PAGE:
The Witcher 3 Hearts of Stone DLC Review

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Time to get reacquainted with Geralt of Rivia.

Having been away from Geralt’s world for a while now, it was surprisingly easy to slip back into his shoes for The Witcher 3: Wild Hunt’s first true expansion, “Hearts of Stone”. After 16 free DLC instalments of varying flavours, this is its first large-scope piece of content, adding new areas, enemy types and an entire quest chain to explore in the newly-expanded No Man’s Land region near Novigrad.

Kicking off within the scope of the main game’s story, “Hearts of Stone” sees Geralt accepting a contract for a mysterious monster lurking in the sewers beneath the city of Novigrad, after the disappearance of many women from the town. Tracking this creature, Geralt runs into old friend Shani, a medic last seen in the original Witcher. Our hero soon finds and defeats the beast, but not all is as it seems.

As a result of this contract, Geralt finds himself indebted to the mysterious Master Mirror, forced to carry out three tasks for him to fulfil his debt and walk free once more. Along the way he will encounter a selection of all-new characters in No Man’s Land in a self-contained story that still slots well into the overarching tale of Wild Hunt.

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It’s an impressive feat for a DLC of this scale to work so well, despite its need to operate both as a mid-game storyline or a post-game storyline, dependent on where the player is up to. The missions and enemies are definitely rated for higher-level witchers – with a base level of 30, many players will find themselves underpowered if they’re still early on in the main story, despite the DLC being available any time after the Prologue. Luckily, all main and side missions related to the DLC are helpfully coloured a distinct blue in the quest log and branded with the “Hearts of Stone” DLC logo, allowing lower-levelled players to avoid them at a glance if need be.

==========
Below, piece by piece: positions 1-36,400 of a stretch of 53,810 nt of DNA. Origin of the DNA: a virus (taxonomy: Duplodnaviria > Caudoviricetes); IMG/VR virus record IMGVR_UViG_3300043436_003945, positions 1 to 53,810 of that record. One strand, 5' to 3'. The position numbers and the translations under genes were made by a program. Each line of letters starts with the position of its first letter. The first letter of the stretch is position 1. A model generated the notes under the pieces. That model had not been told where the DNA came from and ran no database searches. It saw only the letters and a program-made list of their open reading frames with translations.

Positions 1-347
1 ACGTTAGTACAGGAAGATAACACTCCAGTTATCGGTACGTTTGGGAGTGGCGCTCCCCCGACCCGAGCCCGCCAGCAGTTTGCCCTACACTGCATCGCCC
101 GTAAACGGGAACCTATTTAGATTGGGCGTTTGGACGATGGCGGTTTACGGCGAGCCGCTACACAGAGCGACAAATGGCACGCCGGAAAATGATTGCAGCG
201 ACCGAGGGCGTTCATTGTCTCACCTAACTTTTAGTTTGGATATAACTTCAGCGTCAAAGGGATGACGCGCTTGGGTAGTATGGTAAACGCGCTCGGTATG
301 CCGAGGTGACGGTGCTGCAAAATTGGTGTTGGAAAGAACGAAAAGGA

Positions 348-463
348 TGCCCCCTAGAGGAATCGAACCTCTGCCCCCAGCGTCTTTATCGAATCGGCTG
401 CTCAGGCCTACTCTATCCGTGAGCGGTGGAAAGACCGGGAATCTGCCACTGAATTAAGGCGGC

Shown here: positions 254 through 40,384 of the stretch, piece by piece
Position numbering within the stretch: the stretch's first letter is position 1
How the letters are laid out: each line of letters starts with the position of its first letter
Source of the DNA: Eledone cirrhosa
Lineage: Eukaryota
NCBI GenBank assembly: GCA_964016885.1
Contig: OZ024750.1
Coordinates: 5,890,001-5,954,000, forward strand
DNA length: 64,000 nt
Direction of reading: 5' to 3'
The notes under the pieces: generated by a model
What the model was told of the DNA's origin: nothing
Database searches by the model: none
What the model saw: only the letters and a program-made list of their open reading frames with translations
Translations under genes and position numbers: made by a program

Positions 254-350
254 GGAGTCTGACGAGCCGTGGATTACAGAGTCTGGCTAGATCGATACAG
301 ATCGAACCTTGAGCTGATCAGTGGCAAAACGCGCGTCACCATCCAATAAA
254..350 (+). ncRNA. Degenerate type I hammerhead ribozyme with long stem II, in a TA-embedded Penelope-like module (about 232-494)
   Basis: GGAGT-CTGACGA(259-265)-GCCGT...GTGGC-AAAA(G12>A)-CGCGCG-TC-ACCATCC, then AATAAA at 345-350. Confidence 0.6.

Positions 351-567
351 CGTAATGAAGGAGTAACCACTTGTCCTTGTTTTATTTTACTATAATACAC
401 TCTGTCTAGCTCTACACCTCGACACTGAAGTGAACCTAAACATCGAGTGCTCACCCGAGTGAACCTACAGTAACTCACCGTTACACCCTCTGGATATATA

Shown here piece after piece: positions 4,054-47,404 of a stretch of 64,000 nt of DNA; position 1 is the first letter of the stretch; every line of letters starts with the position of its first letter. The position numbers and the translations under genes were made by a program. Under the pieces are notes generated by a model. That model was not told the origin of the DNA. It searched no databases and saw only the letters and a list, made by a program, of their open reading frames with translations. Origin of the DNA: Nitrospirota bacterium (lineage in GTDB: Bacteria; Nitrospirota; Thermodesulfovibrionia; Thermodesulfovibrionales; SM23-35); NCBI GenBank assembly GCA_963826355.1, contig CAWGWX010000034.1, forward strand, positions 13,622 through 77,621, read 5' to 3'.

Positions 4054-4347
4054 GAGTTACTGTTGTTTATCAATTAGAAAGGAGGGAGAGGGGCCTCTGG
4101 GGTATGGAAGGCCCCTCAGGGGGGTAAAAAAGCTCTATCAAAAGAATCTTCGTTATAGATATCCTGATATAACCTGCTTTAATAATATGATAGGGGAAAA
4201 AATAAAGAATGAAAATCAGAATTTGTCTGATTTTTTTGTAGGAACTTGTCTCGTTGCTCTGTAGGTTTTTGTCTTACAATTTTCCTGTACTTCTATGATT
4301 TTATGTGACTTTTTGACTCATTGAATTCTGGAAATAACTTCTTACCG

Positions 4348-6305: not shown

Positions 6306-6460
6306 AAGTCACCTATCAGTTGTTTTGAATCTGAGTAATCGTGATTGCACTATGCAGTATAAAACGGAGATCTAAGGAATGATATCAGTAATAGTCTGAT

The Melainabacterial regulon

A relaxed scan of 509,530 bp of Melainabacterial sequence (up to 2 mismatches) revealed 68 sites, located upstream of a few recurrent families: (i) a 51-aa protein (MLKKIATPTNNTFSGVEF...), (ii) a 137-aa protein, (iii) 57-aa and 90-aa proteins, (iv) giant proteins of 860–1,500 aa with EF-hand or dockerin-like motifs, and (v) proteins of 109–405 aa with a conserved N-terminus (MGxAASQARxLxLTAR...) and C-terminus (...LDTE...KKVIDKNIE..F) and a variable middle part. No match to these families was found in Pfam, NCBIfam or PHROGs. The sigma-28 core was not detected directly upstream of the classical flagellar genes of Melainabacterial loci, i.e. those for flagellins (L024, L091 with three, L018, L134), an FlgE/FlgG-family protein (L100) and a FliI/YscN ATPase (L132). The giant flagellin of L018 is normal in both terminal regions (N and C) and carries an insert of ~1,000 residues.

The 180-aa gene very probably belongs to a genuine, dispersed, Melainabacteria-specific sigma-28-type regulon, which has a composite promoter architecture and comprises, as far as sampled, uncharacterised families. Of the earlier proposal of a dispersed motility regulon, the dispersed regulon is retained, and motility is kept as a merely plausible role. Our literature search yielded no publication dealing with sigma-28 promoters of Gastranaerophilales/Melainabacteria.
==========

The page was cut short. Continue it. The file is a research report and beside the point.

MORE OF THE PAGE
It was something of a relief as a post-game player to have enemies that truly posed a challenge once more – having finished the game around level 35, no enemy really did anything more than momentarily get in the way of my swords before turning into a pale red mist. Though, walking around the DLC’s new region, I once again had to actually THINK about combat; it came back to me just how complex and fun the game’s system is. Even random encounters will cause you to stop and think once more, as a lone boar or arachnomorph can wipe you out if you’re not paying attention.

These more challenging encounters make it all the more interesting to have a new customisation system available for your weapons and armour. Working away in the new town of Brunwich is a ‘runewright’, a unique crafter who can inscribe your equipment with Runewords and Glyphwords. These combinations of standard runes or glyphs have more complex effects than the ones you can equip individually, but allow you tinvest more deeply into your particular play style. With the runewright’s craft broken up into the familiar tiers of Combat, Signs and Alchemy, Geralt can further tweak his approach to combat to suit your preference. As a heavy user of the Aard sign, I quickly invested in the Signs branch to give my knockdowns that much more punch.

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“Hearts of Stone” provides an extension to the wonderful Wild Hunt experience, and the best part is that it feels like it’s just part of the game. By subtly expanding the existing map and including locations from the main game, it doesn’t feel like you’re travelling to a special DLC-only zone for the mission quest. The new zone was so well integrated that at first I didn’t realise some of the locations were new to Novigrad. Nonetheless, the missions of “Hearts of Stone” are fun to play and in keeping with the game’s sense of humour; I’ll highlight the Dead Man’s Party quest as a particular favourite, but I won’t spoil why.

If you are playing or have played Wild Hunt, it’s definitely worth your time to invest a little money to extend your experience. With “Hearts of Stone” suggested to be the smaller of the game’s two paid expansions, I look forward to seeing just how big the next installment, “Blood and Wine”, will be next year. Nevertheless, I’ll be ready and waiting to step into the White Wolf’s boots once again.

 

9 out of 10

The good

  • Seamlessly integrated into the game world.
  • New, high-level customisation.
  • More challenging combat.

The bad

  • New customisation takes a while to become available.

 

The Witcher 3: Wild Hunt’s Hearts of Stone expansion was reviewed using a promotional code on PS4, as provided by the publisher. Click here to learn more about Stevivor’s scoring scale.